Four students trudged through pouring rain on Election Day to cast their ballots for the 2018 midterm elections.
Junior Hannah Lemke, along with freshman Anna Stewart and junior Fiona Luddy, were led by junior David Fadul to the Benjamin Franklin Institute of Technology—a polling place about a half mile from Emerson for the seventh congressional district, where the college resides.
In 2014, 11 percent of Emerson students turned out for midterm elections— a figure seven percent lower than the national average among college students, according to the National Study of Learning, Voting, and Engagement. The same study states 65 percent of the college’s students were registered to vote.
Fadul, who woke up at 7 a.m. to vote before his 10 a.m. class, looks forward to a jump in the statistic.
“I’m hoping to at least crack 20 to 25 percent [of students registered to vote]. That’s a minimum,” Fadul said. “I would really love for it to go above thirty percent.”
Fadul worked in coordination with Director of Student Engagement and Leadership Jason Meier on various strategies to spread awareness on voting and the midterms. Fadul and Meier initiated email blasts, pop-ups on EmConnect, and organized a screen in 2 Boylston residence hall to depict why the election should be taken seriously, with gun control and climate change listed as their talking points.
Lemke, originally from Florida, registered to vote in Massachusetts in 2016, before voting in the presidential election. The 2018 midterm election is Lemke’s first cast ballot since then.
“I was very scared because I had gone inactive,” Lemke said.
A voter is labeled as inactive after failing to respond to an annual street list, also known as the town census, according to Massachusetts law. A local election official then sends a confirmation notice to the inactive voter to confirm they still reside at the address listed on their voter registration.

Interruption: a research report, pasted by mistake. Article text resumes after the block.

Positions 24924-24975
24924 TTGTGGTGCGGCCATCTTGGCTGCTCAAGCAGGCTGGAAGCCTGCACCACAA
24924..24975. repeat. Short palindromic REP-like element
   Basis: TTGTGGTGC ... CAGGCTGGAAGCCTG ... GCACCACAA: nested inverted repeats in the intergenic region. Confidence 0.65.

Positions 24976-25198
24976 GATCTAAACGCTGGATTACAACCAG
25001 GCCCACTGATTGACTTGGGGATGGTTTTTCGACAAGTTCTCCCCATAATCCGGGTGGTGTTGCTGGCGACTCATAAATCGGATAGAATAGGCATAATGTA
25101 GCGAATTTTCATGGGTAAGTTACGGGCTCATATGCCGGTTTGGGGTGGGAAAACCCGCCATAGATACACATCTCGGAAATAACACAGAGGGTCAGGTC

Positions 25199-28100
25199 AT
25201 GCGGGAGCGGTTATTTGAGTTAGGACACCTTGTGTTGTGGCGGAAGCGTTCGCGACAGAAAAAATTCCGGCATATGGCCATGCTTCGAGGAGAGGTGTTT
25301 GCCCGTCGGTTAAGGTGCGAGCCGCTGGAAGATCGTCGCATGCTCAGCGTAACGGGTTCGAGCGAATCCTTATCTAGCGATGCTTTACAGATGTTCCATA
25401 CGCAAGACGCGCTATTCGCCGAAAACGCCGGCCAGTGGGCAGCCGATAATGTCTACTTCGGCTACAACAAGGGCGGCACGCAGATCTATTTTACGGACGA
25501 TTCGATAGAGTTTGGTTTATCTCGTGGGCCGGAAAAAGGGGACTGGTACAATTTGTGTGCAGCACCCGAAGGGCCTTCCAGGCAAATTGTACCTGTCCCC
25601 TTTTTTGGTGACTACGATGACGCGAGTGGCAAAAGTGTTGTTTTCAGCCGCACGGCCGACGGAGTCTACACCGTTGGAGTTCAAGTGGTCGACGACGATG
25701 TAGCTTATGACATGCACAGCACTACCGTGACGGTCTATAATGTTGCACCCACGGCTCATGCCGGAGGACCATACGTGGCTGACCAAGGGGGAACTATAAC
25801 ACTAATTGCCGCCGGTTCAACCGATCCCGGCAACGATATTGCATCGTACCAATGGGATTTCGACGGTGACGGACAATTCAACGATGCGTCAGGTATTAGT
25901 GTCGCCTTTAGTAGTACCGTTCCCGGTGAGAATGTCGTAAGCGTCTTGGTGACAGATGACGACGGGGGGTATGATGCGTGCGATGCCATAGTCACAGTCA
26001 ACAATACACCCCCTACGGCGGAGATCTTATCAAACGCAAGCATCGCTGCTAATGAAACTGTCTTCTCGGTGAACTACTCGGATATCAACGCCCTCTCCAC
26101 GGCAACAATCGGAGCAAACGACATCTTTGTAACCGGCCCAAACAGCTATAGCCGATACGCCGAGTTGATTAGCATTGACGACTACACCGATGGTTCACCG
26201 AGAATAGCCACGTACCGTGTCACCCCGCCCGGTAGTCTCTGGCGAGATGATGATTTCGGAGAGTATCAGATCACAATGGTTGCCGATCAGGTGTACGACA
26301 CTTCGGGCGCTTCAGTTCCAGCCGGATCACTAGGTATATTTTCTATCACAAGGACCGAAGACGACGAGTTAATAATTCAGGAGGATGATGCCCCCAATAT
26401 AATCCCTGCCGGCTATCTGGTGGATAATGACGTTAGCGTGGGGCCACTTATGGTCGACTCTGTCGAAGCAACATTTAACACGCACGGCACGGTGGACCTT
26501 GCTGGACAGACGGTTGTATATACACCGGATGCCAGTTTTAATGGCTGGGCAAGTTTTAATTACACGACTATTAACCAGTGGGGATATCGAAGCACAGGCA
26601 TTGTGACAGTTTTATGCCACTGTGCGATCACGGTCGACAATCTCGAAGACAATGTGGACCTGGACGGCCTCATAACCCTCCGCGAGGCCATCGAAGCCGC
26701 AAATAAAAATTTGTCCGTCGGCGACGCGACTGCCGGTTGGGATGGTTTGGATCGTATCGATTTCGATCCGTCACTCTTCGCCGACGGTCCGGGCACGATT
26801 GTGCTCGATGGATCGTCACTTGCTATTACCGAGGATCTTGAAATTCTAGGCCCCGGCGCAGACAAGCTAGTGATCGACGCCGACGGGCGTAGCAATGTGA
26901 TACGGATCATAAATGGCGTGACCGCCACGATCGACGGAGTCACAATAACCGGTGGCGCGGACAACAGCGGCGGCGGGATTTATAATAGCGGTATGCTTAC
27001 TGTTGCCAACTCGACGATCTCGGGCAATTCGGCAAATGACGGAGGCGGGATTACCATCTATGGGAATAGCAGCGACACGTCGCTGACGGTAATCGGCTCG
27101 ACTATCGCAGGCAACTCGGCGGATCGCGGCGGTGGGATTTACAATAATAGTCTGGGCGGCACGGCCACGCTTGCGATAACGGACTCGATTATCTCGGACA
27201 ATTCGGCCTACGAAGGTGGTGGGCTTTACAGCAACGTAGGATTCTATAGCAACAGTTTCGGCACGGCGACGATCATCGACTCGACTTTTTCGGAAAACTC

“It was daunting to me, but it was a lot easier of a process than I expected it to be, which was really encouraging,” she said.
Stewart voted for the first time this afternoon.
“It was very exciting. I’m from D.C., where our votes are symbolic, it feels like. To vote in a place where it matters is really important,” Stewart said.
On the Massachusetts ballot are Democrat and Republican candidates as well as three ballot initiatives that place the future of nurses, money in state politics, and transgender protections in voters’ hands.
The seventh congressional district has Democrat Ayanna Pressley running unopposed. She beat incumbent Michael Capuano in the September primary.
In March, Emerson joined a school coalition with Freedom for All Massachusetts to oppose ballot Question 3, which would repeal current transgender discrimination protections in the state.
“I really hope people talk about the ballot questions,” Fadul said. “There’s room for discussion on these. I hope to overhear conversations from students about the candidates and ballot initiatives.”
Luddy said she first stepped inside a polling place when she was younger, accompanied by her mother as she cast her vote. She is a first-time voter for this year’s midterms.
“I’ve never voted actually for myself. It feels cool to actually do something for my state,” she said.
Lemke, Luddy, and Stewart walked out of the polling place bearing grins and “I Voted!” stickers on their raincoats as Fadul waited underneath an umbrella for them.
The four students exchanged stories about their vote and tonight’s incoming results.
“The feeling of putting the little ballot into the machine was super cool and fun,” Lemke said about her experience.
Stewart said she recognized the value of her vote as a young, female college student.
“I hope it symbolizes progress,” she said.